‘STREETS NEVER FORGAVE’ VICTIM: Latest man killed had turned to a Christian lifestyle

The body of a 31-year-old man is taken away after he was gunned down on Hospital Lane yesterday afternoon. Chief Superintendent of Police Chrislyn Skippings said she recently spoke with the victim and he was ‘on the road to doing something positive.’
Photos: Dante Carrer

The body of a 31-year-old man is taken away after he was gunned down on Hospital Lane yesterday afternoon. Chief Superintendent of Police Chrislyn Skippings said she recently spoke with the victim and he was ‘on the road to doing something positive.’ Photos: Dante Carrer


Tribune Staff Reporter


A MAN on bail for murder was killed yesterday despite reportedly recently embracing a Christian lifestyle. 

“He made a change, but the streets never forgave him,” Chief Superintendent of Police Chrislyn Skippings said about the victim.

She said she interacted with the man recently, during which he admitted he had been involved in “some activities” and was on the “road to doing something positive”.

She spoke to the 31-year-old last week when Prime Minister Philip “Brave” Davis and a delegation walked through the community.

 She said: “He recognised where he was, and he stood there, and he spoke to me, and I’m saying that to say, every week or every time we come to a crime scene, we always talk about somebody murdered, someone shot the person here. I want to use this opportunity to say to parents, loved ones, girlfriends, all right-thinking Bahamians who have children, men.

 “It’s imperative that you train your children properly; once again, you have to deter them from getting involved in criminal activities from an early age. If you fail to steer them in the right direction, steer them away from a life of crime.

“When they get older, and they recognise the consequences of being involved in criminal activities, it’s too late. The young man recognised that some things he didn’t do right early on in his life. He made a change, but the streets never forgave him.”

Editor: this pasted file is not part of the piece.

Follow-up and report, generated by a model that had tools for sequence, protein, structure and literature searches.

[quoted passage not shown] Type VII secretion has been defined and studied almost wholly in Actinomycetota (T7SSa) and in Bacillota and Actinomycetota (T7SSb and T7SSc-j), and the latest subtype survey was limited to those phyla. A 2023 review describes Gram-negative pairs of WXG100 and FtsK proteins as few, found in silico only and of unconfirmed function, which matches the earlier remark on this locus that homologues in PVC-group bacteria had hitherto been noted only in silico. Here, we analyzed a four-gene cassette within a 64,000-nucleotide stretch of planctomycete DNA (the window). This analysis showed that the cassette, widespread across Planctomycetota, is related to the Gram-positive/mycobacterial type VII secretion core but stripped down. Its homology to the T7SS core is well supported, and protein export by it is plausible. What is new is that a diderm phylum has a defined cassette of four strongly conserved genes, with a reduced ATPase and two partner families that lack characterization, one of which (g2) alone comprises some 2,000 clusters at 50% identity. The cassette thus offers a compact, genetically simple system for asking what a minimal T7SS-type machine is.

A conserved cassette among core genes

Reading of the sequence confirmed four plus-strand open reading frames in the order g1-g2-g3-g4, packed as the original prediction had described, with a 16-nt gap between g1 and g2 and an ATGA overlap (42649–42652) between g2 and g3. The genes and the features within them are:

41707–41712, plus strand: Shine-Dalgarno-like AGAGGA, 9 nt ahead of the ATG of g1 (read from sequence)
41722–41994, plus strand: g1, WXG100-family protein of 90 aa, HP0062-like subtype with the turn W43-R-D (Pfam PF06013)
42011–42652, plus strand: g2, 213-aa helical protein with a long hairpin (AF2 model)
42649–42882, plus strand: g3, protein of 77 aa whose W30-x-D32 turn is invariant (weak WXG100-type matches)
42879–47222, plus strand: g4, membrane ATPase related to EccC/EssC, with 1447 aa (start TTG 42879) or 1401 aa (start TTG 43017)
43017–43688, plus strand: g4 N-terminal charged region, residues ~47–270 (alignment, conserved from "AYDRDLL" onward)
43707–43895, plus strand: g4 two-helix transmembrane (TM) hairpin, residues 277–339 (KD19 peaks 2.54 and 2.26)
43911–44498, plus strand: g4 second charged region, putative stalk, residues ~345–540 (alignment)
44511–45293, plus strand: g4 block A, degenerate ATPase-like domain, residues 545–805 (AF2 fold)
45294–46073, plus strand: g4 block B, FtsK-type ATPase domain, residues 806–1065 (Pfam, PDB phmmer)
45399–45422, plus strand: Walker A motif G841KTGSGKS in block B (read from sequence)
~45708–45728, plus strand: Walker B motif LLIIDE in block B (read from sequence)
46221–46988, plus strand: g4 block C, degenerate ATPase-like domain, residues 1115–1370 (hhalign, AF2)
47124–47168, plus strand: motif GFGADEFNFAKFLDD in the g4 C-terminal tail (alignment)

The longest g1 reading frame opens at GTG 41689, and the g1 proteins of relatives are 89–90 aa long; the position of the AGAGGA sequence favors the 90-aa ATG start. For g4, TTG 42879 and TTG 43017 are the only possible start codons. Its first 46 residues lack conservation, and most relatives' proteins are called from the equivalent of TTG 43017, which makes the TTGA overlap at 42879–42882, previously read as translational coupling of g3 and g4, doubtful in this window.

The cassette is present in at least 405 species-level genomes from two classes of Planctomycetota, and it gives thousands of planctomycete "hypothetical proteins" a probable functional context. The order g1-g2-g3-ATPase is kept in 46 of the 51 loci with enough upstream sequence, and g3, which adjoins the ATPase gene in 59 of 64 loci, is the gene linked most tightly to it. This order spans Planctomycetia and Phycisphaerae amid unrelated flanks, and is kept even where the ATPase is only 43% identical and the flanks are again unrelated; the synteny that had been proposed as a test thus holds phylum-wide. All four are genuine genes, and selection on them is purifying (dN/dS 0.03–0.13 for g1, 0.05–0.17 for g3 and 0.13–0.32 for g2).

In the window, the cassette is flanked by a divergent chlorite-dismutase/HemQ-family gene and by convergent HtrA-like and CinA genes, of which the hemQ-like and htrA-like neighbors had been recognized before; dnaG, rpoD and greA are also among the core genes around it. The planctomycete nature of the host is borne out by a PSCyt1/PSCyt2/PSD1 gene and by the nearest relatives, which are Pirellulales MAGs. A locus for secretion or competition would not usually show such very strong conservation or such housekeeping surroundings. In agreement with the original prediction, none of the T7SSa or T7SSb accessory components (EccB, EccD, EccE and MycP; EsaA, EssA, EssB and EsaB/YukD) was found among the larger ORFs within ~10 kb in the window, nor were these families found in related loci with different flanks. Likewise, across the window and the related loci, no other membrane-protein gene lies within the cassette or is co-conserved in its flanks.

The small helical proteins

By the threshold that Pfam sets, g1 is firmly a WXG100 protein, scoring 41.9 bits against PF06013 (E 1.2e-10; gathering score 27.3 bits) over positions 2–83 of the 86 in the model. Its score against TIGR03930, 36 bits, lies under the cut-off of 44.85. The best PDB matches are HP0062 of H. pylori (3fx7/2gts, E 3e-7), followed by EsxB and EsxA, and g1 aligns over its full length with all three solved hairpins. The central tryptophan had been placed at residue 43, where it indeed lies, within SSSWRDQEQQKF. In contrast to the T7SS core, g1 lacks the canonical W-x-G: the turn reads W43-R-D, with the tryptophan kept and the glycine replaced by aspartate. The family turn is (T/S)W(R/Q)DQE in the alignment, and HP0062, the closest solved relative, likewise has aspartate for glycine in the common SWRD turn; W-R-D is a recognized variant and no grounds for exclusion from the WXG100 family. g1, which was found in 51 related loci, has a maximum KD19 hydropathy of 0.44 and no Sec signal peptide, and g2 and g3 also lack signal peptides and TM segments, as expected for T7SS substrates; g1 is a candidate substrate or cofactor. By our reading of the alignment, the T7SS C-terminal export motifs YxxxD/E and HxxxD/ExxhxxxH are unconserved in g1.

Shortly before 3pm, the deceased was walking south on Hospital Lane when a man emerged from Sarah Ingraham Park and opened fire. The assailant fled on foot in a northern direction.

 When reporters arrived on the scene, the victim’s body was near a church close to the park.

 Pastor Carlos Reid said he knew of the victim, adding that some community members spoke highly about him.

 “You know, it just shows that our society is a very unforgiving one,” he said. “You know that once you label, you label. What is ironic is that we just came to this area last Wednesday night. We did a walkthrough to this area, started right off this same park. So at that, it grieves my heart to have to come back to this area and have to see somebody like dead on the very same spot that we started.”


John 1 week, 6 days ago

Are you sure it’s the streets that never forgave? Or is there some other force behind some of these murders . Is so called ‘retaliation’ just justification?


bahamianson 1 week, 6 days ago

Well, the courts are backlogged, and the Bahamas does not believe in executions like America. So justice is setved. Now, the government had to decide if they will enforce capital punishment via lethal injection to conteol the killings , or ley the gangs control the killings.


moncurcool 1 week, 6 days ago

The government has already made a decision that they will not revert to capital punishment.

The question we must ask is what are we doing as community residents to help make our communities safer and break the cycle.

Unfortunately, capital punishment will not deter the hearts of people who are set to do evil. And eye for an eye will not solve our problem. This issue is only occurring in New Providence. So maybe we need to look at the rest of The Bahamas and see what is causing the issue not to happen there, and then make the necessary changes to New Providence.


hrysippus 1 week, 6 days ago

Bahamian women must gain complete and sole control over their reproductive ability; only in this way will unwanted, unloved, unruly children stop being born to later enter into a life of crime and murder.


bobby2 1 week, 6 days ago

Why is it that people only say they are changing for the better after they are caught?


sheeprunner12 1 week, 6 days ago

How much money is "the streets" paying these contract killers to take out persons who have offended or wronged others??????

Scenario A .......... If these contract killers are gang members .......... then the Govt should be on a search & destroy mission with the SWAT teams.